Insulin/IGF-1 Signaling Nodes and their Role in Carcinogenesis

  • Cullen M. Taniguchi
  • C. Ronald KahnEmail author
Part of the Energy Balance and Cancer book series (EBAC, volume 1)


The dominant hormone regulating metabolic homeostasis and the switch between the anabolic and catabolic states is insulin. At the cellular level, the action of insulin and the closely related insulin-like growth factors (IGF)-1 and -2, are mediated through a complex network of diverging and converging events (reviewed in [1]). The insulin and IGF-1 receptors (IR and IGF-1R) are members of the family of receptor tyrosine kinases. Following hormone binding, these receptors undergo autophosphorylation, which activates the kinase toward other substrates termed the insulin receptor substrate (IRS) proteins. In contrast to most other tyrosine kinase receptors, it is the phosphorylated IRS proteins, rather than the receptors themselves, that link the action of these hormones to two main signaling pathways: the phosphatidylinositol 3-kinase (PI3K)-Akt pathway, which is responsible for most of the metabolic actions of insulin, and the Ras-MAP kinase pathway, which regulates expression of some genes and cooperates with the PI3K pathway to control cell growth and differentiation (reviewed in [2]) (Fig. 2.1).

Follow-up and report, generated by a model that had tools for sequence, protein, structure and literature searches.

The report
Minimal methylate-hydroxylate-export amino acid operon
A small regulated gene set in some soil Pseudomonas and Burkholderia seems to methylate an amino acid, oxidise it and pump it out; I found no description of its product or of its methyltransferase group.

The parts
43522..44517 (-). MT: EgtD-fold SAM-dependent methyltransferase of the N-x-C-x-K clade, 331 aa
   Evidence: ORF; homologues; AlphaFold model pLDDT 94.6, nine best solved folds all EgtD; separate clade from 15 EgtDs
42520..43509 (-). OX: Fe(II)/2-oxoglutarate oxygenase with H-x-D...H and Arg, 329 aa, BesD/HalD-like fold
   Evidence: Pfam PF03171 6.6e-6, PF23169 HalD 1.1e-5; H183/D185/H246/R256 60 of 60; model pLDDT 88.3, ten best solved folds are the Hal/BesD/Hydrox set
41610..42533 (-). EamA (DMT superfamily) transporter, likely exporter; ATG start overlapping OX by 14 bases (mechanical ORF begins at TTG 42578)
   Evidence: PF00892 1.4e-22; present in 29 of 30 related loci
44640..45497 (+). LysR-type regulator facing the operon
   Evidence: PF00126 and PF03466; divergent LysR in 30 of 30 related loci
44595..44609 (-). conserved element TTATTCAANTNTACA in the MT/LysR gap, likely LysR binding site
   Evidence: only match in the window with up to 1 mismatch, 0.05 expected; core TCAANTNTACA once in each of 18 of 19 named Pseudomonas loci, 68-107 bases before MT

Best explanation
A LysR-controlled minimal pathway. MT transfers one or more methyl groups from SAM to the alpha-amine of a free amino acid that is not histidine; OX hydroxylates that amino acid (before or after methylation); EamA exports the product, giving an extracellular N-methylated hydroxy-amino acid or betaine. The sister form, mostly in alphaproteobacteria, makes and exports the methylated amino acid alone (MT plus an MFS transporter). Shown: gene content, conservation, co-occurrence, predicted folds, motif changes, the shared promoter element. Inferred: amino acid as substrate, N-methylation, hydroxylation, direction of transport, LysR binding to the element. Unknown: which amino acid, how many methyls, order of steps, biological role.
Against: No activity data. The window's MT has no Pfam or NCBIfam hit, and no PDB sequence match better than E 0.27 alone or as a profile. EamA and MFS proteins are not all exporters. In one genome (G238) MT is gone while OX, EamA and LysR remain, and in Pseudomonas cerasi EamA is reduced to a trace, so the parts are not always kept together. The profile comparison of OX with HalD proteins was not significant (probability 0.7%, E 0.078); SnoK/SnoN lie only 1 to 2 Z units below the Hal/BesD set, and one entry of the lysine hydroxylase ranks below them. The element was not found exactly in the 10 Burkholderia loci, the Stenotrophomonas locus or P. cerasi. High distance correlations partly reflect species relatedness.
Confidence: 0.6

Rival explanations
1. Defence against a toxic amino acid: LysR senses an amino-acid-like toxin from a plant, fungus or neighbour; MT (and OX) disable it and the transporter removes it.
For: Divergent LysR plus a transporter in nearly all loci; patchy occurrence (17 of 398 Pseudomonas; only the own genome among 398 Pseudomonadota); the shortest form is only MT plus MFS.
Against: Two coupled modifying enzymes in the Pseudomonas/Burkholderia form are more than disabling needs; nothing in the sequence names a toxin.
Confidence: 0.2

Insulin Receptor Regulatory Subunit PI3K Pathway Growth Factor Signaling Serine Phosphorylation 
These keywords were added by machine and not by the authors. This process is experimental and the keywords may be updated as the learning algorithm improves.


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Copyright information

© Springer Science+Business Media, LLC 2011

Authors and Affiliations

  1. 1.Department of MedicineJoslin Diabetes Center, Harvard Medical SchoolBostonUSA
  2. 2.Division of Signal Transduction, Department of MedicineBeth Israel Deaconess Medical CenterBostonUSA

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